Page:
Extract from Cheshire Life, reproduced in Swinnerton Family History – The Journal of the Swinnerton Society, vol. 5, no. 2 (September 1982) www.swinnerton.org:
‘I was wearing a new dress from Liberty’s, my first pair of silk stockings and dancing slippers. Jack, our poodle, was beside me. I can still smell the oil of lavender she used.’ Evelyn Bellhouse was seven when Manchester artist Annie Swynnerton was invited to her parents’ home in Alderley Edge to paint her. The year was 1911 and Mrs. Swynnerton was 67, already well established as an artist of the first order and bracketed with names like Laura Knight. Her husband, the Manx sculptor Joseph Swynnerton, had just died and she had returned from Rome where they had been living. ‘My father invited her to stay with us and I can remember her smoking a cigar. She didn’t finish the painting while she was with us but she took my dress away with her, and the couch I’m sitting on belonged to the artist J. S. Sargent, a friend of hers.’
The following year the painting of Evelyn was exhibited at the Royal Academy and prompted rave reviews. ‘Her child’s portrait Evelyn, daughter of Vernon Bellhouse, Esq. is likely to add greatly to her reputation . The rich and mellow colouring, the wonderful effect of golden light and, above all, the exquisite unearthly expression sometimes seen on the child’s face all combine to make it one of the best pictures of the year,’ wrote the art critic of the Standard. Said the Manchester Guardian: ‘One of the best pieces of face portraiture in the whole exhibition.’ And the Observer: ‘The picture is so original in conception, so firm in construction, so daring in treatment, so uncompromising in its rejection of easy expedients to obtain pretty effects, that it may be said to stand alone among the portraits at Burlington House.’
Vernon Bellhouse’s little girl wasn’t aware of the sensation she had caused. After the exhibition the picture came back to Alderley Edge to be hung at the top of the stairs. But when they moved to a smaller house no wall could accommodate it adequately and it was stacked behind a chest of drawers. ‘I’d had enough of it by then anyway,’ Miss Bellhouse confessed. ‘As you grow older you don’t particularly want to be reminded daily of what you were like as a child.’ Now she has decided to sell the painting and it will be one of the major items at Sotheby’s sale of paintings, drawings, watercolours and prints on October 14.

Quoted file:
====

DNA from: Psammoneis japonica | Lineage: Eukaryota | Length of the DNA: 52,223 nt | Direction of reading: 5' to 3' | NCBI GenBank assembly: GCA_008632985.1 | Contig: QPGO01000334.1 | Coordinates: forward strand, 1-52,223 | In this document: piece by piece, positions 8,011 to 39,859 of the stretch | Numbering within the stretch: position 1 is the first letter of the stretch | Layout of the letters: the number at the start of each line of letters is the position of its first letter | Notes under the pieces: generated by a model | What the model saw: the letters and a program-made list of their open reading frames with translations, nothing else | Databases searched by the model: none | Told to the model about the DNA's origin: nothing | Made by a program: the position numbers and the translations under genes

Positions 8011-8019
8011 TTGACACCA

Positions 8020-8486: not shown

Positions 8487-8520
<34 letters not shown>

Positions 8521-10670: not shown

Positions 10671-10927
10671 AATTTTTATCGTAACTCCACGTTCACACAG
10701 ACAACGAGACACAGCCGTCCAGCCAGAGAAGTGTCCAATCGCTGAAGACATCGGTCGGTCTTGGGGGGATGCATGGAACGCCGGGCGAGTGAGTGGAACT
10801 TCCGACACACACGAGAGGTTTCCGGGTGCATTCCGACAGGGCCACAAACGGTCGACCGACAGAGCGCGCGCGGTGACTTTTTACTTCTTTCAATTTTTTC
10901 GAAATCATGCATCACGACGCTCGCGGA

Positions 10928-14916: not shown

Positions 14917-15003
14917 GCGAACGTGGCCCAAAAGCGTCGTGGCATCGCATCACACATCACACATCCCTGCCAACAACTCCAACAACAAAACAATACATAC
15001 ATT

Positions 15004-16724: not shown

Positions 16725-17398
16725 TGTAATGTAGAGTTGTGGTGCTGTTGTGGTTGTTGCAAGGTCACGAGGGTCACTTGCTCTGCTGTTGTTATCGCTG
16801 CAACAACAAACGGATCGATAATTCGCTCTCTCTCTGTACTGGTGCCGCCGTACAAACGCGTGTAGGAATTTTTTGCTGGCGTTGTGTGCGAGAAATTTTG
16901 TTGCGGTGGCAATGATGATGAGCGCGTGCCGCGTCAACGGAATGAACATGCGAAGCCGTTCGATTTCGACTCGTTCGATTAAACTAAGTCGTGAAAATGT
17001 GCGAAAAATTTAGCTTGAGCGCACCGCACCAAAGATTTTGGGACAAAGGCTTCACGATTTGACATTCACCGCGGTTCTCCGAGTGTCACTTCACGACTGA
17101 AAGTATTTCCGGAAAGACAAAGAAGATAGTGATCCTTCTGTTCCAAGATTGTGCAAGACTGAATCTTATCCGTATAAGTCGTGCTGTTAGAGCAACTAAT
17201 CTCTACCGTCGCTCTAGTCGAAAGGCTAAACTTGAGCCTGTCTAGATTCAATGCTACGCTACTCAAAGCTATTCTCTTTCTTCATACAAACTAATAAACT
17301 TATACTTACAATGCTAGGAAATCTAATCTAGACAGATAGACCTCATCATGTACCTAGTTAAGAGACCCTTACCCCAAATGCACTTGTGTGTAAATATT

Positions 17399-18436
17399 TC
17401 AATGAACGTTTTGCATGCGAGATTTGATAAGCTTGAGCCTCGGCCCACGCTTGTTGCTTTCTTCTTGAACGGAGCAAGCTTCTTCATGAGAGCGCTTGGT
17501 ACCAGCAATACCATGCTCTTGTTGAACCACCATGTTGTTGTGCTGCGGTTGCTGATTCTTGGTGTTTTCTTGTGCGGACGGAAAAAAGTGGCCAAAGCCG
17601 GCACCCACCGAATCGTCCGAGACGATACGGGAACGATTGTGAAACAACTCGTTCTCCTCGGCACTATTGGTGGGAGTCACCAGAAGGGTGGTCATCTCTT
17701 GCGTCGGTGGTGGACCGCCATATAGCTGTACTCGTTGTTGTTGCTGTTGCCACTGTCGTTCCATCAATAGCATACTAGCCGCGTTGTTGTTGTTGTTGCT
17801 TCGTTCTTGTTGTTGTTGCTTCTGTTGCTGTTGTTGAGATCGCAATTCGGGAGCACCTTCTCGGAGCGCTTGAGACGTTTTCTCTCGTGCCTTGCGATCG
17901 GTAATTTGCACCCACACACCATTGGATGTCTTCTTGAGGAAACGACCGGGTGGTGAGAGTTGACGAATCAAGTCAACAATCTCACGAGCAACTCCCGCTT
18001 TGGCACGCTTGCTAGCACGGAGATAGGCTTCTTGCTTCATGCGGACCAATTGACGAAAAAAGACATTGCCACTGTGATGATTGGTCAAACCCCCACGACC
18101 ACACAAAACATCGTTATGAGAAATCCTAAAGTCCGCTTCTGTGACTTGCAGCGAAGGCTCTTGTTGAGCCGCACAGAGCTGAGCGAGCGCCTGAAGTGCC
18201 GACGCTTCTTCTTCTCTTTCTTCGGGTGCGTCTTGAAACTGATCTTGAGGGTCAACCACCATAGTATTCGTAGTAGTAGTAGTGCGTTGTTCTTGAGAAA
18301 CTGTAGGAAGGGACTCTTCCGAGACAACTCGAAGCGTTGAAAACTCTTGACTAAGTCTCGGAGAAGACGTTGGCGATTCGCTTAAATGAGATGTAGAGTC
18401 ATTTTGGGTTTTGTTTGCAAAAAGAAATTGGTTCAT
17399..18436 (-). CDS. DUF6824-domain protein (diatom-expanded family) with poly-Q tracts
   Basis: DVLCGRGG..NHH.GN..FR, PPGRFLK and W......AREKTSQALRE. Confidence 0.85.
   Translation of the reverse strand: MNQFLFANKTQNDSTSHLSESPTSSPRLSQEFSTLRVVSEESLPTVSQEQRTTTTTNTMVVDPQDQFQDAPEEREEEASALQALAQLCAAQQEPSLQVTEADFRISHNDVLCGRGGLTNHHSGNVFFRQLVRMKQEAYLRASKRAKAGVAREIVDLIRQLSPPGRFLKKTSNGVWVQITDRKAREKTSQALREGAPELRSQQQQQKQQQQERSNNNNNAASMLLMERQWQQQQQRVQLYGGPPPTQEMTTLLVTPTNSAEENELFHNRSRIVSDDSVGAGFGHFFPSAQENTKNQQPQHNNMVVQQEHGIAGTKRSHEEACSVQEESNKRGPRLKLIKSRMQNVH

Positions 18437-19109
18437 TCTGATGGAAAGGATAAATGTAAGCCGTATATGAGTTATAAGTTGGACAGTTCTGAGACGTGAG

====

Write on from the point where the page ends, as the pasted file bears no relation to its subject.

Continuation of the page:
The art critic of the Observer said of it, ‘The picture is so original in conception, so firm in construction, so daring in treatment, so uncompromising in its rejection of easy expedients to obtain pretty effects, that it may be said to stand alone among the portraits in Burlington House.‘ (Source: www.swinnerton.org, with thanks to Alastair Swinnerton.)
“I was wearing a new dress from Liberty’s, my first pair of silk stockings and dancing slippers. Jack, our poodle, was beside me. I can still smell the oil of lavander she used.” Evelyn Bellhouse was seven … She was a splendid old lady and told me the most fascinating stories, hence my wide-eyed stare. The legs, I swear, are not mine but some model’s in Rome … They are not a child’s legs and I was skinny.”Lot description in Sotheby’s catalogue.
- Media: oil on canvas.
- Dimensions: 1015 x 865 mm (0.88 m²).
- History: signed and dated 1911; exhibited Walker Art Gallery, Liverpool, 1912; thereafter in possession of subject at family home, Alderley Edge; auctioned Sotheby’s, London, 21 Jun 1983, sold.
- Location: Unknown.